With a tradition of strong repression to monopolies, cartels and abusive mergers, the Brazilian Antirust Agency (CADE) plays an import role in the Brazilian economy. A time of crisis demands swift regulatory responses able to deter and discourage antitrust violations. The reasonableness and effectiveness of the antitrust response can reveal how well the institutions are prepared to navigate these new challenges.
In the United States, for instance, the administration evoked the Defense Production Act (1950). This provision, by seeking to stimulate the production of essential supplies to combat the COVID-19 outbreak, creates antitrust exemptions for companies that voluntarily adopt the government plan and provide autonomy to markets involved in fighting the pandemic. The most that the Federal Trade Commission and the Food and Drug Administration have done was to notify several companies that claimed to have developed medications to treat COVID-19. This response contrasts with what is happening in Brazil. Here, CADE is not letting fraudulent suppliers off the hook.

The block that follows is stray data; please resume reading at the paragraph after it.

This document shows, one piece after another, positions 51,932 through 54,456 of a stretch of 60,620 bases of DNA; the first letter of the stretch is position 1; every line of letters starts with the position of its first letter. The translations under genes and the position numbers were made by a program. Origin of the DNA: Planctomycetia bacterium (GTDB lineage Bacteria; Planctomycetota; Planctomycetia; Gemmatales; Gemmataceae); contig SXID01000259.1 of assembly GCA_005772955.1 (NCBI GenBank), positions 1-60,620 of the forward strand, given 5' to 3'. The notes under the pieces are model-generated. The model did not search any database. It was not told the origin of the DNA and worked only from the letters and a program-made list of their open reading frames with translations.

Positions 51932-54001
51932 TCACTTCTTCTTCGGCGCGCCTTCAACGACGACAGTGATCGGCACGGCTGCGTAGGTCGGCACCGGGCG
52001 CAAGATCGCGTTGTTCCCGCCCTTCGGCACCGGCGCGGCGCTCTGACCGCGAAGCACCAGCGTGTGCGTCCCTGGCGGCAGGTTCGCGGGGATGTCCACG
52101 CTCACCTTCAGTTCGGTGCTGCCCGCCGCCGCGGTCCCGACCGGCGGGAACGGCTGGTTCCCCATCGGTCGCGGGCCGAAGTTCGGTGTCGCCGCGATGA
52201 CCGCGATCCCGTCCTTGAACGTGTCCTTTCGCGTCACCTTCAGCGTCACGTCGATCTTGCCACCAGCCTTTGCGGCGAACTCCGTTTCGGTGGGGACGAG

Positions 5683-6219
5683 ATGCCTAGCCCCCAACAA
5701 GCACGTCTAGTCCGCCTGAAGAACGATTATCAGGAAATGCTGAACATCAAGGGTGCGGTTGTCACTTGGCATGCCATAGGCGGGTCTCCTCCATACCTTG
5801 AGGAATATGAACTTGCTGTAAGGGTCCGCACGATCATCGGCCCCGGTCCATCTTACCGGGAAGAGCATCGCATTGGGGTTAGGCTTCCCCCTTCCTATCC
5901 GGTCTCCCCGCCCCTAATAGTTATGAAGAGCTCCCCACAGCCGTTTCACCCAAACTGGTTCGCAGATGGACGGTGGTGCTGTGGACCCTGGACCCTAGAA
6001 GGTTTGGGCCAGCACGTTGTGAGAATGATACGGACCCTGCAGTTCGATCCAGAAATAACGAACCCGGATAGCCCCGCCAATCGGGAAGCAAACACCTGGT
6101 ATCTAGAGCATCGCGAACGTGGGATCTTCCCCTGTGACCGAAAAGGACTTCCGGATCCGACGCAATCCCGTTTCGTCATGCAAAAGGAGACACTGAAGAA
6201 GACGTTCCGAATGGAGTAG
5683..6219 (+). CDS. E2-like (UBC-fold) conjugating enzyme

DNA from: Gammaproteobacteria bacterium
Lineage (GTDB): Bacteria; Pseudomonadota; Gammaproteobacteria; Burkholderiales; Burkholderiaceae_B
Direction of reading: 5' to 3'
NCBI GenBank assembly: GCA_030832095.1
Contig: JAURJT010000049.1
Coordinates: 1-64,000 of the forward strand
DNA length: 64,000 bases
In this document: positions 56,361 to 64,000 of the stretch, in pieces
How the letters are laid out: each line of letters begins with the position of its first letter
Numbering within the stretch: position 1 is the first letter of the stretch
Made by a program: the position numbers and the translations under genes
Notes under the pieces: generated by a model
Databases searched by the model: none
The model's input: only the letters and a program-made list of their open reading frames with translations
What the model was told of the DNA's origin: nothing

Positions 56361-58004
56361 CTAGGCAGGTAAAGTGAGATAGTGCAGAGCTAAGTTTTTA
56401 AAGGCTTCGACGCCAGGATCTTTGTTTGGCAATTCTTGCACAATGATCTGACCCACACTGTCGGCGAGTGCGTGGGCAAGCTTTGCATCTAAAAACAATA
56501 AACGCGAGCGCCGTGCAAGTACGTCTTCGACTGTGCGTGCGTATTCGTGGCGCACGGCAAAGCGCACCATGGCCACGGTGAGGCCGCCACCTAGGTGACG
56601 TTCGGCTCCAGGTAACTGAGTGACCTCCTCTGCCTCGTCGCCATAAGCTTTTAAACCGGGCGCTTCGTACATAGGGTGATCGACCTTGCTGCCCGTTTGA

CADE’s view is that governmental reaction must safeguard consumers and guarantee the exclusion of fraudulent companies. The action plan was designed to promote an even more competitive environment, with the goal of fostering development, production and access to better healthcare products and solutions for consumers. CADE stepped forward on March 20 (shortly after the Governments of the major Brazilian States began taking restrictive measures to fight the spread of the coronavirus) and started the inspection of medical device manufacturers, retailers and pharmaceutical industries that were under suspicion of practicing artificial prices. The daily fine for not complying with the agency’s initial request for information regarding sales of essential supplies to fight the outbreak is approximately one thousand American Dollars and, if the information provided is intentionally inaccurate or false, the amount can reach one million American Dollars. The market has shown a very comprehensive and collaborative response to the agency’s agenda and is responding well and efficiently to the authority’s requests.
The current goal of the Brazilian Antitrust Authority lies on a response betting on the long run. CADE is leaving other public agencies and governmental organs to promote a prompt response to specific issues that are strictly related to their institutional capacities while it focuses on closely investigating and repressing anticompetitive behavior arising from the current coronavirus situation.